Basic Tasks of Chemical Dependency Counselors
225
113 The Counselors Responsibilities
228
Therapeutic Responsibilities
229
Ethical Responsibilities
231
Professional Development
232
Planning Selecting and Implementing Treatment
235
121 Treatment Goals and General Principles of Treatment
236
General Principles of Effective Treatment
237
Treatment Compliance and Involvement
239
122 Treatment Settings
240
Types of Treatment Settings
241
Treatment Setting and Effectiveness
243
123 Detoxification
244
Outpatient and Inpatient Detoxification
245
124 Pharmacotherapy
246
Drugs That Discourage the Use of Abused Substances
247
Agonist Substitution Drugs
248
Medications to Treat Comorbid Mental Disorders
249
125 SelfHelp Groups and Psychosocial Treatments
250
Individual Group and Family Therapies
251
An Evaluation of Individual Group and Family Therapies
252
126 ManualGuided and Other Treatment Modalities
253
CognitiveBehavioral Coping Skills Therapy
254
Twelve step Faciliation Therapy
255
Counseling Schools and Techniques
261
131 Schools of Counseling
262
Behavioral Counseling
263
ClientCentered Counseling
264
Existential Counseling
265
Gestalt Counseling
267
Psychodynamic Counseling
268
Substance abuseSpecific Counseling
271
Counseling Schools and Counseling Techniques
273
Establishing Rapport
274
Confrontation
275
133 EmotionFocused Techniques
276
Relaxation Training
277
134 CognitionFocused Techniques
278
Education
279
Interpretation
281
Exploration and Clarification
283
135 BehaviorFocused Techniques
284
Modeling
285
Assertiveness Training
287
Understanding Preventing And Managing Relapse
291
141 Understanding Relapse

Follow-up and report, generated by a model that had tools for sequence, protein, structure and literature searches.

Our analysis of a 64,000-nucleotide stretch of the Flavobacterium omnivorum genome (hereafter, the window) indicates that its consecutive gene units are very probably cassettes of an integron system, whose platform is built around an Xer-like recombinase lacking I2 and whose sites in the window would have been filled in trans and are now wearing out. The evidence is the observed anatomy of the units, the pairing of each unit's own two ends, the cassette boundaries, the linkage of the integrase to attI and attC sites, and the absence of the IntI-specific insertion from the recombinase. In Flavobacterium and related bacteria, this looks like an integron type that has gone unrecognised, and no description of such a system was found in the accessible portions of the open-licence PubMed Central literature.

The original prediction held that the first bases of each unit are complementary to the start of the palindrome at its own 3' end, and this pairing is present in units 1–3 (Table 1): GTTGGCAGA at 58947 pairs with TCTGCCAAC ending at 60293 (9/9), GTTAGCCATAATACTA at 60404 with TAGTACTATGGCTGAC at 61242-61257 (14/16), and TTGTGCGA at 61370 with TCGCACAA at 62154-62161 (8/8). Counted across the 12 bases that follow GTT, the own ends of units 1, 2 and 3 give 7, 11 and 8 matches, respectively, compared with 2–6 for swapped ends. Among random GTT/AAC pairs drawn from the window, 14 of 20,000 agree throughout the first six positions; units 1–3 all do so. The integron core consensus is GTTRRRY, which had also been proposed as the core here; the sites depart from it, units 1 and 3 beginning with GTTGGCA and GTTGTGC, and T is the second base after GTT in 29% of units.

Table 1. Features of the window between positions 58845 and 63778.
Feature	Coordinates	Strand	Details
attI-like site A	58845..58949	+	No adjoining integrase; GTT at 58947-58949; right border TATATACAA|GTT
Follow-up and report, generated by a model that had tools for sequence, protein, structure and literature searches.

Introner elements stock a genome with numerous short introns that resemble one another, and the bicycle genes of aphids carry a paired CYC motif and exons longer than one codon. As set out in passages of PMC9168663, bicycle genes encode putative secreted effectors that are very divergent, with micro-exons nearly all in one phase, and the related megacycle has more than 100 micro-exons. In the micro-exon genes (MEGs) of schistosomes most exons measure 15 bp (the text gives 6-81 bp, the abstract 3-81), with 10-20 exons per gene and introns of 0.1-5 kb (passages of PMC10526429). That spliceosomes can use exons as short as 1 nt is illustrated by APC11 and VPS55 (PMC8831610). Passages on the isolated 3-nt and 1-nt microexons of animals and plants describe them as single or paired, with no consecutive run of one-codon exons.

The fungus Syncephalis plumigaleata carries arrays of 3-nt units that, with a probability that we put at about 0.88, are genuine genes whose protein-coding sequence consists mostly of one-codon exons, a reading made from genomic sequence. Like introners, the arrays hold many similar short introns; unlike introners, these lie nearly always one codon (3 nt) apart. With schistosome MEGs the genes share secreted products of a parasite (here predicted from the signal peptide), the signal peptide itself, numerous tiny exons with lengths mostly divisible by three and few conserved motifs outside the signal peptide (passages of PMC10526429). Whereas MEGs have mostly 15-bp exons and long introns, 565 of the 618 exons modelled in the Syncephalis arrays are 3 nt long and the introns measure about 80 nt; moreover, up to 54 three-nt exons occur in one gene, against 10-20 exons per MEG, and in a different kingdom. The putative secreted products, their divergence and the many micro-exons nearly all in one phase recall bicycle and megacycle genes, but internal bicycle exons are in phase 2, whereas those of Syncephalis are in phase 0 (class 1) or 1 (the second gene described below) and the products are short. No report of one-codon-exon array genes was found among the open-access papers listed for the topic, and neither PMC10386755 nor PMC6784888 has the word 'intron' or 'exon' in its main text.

292
Conceptualizing Relapse
293
142 What Causes Relapse?
294
Biological Influences on Relapse
295
Personality and Relapse Vulnerability
296
Cognitive and Affective Factors in Relapse
297
Social Factors in Relapse
299
Identifying and Dealing with HighRisk Situations
300
Coping with Cravings
302
Utilizing Social Supports
304
Developing a Healthy Lifestyle
306
Counseling Special Populations
309
151 Chemically Dependent Women
311
Origins of Alcoholism in Women
312
Issues in Counseling Alcoholic Women
313
Other Addictions in Women
314
152 Special Age Groups
316
Substance Abuse in the Elderly
318
153 Substance Abuse in Minority Groups
320
Substance Abuse in HispanicLatino Americans
321
Substance Abuse in Gays Lesbians and Bisexuals
322
154 Other Special Populations
323
Physically and Cognitively Disabled Substance Abusers
325
Ethical And Legal Issues in Counseling
331
161 Chemical Dependency Counselor Competencies
333
Professional Practice
334
162 Confidentiality
335
The Scope of Confidentiality
336
Common Exceptions to Nondisclosure
337
The Duty to Protect
339
163 The Rights of Clients
340
Safeguarding Your Clients Welfare
341
References
345
Glossary
371
Index
381
Copyright

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About the author (2001)

Jerome D. Levin, Ph.D., is director of the Alcoholism and Substance Abuse Counselor Training Program at the New School University in Manhattan, where he also serves both on the humanities department faculty, and as co-director of the joint masters program in psychology and substance abuse treatment. Joseph Culkin, Ph.D., is professor of psychology in the Department of Social Sciences of Queensborough Community College/The City University of New York. Richard S. Perrotto, Ph.D., is professor of psychology in the Department of Social Sciences at Queensborough Community College/The City University of New York, where he has taught since 1978.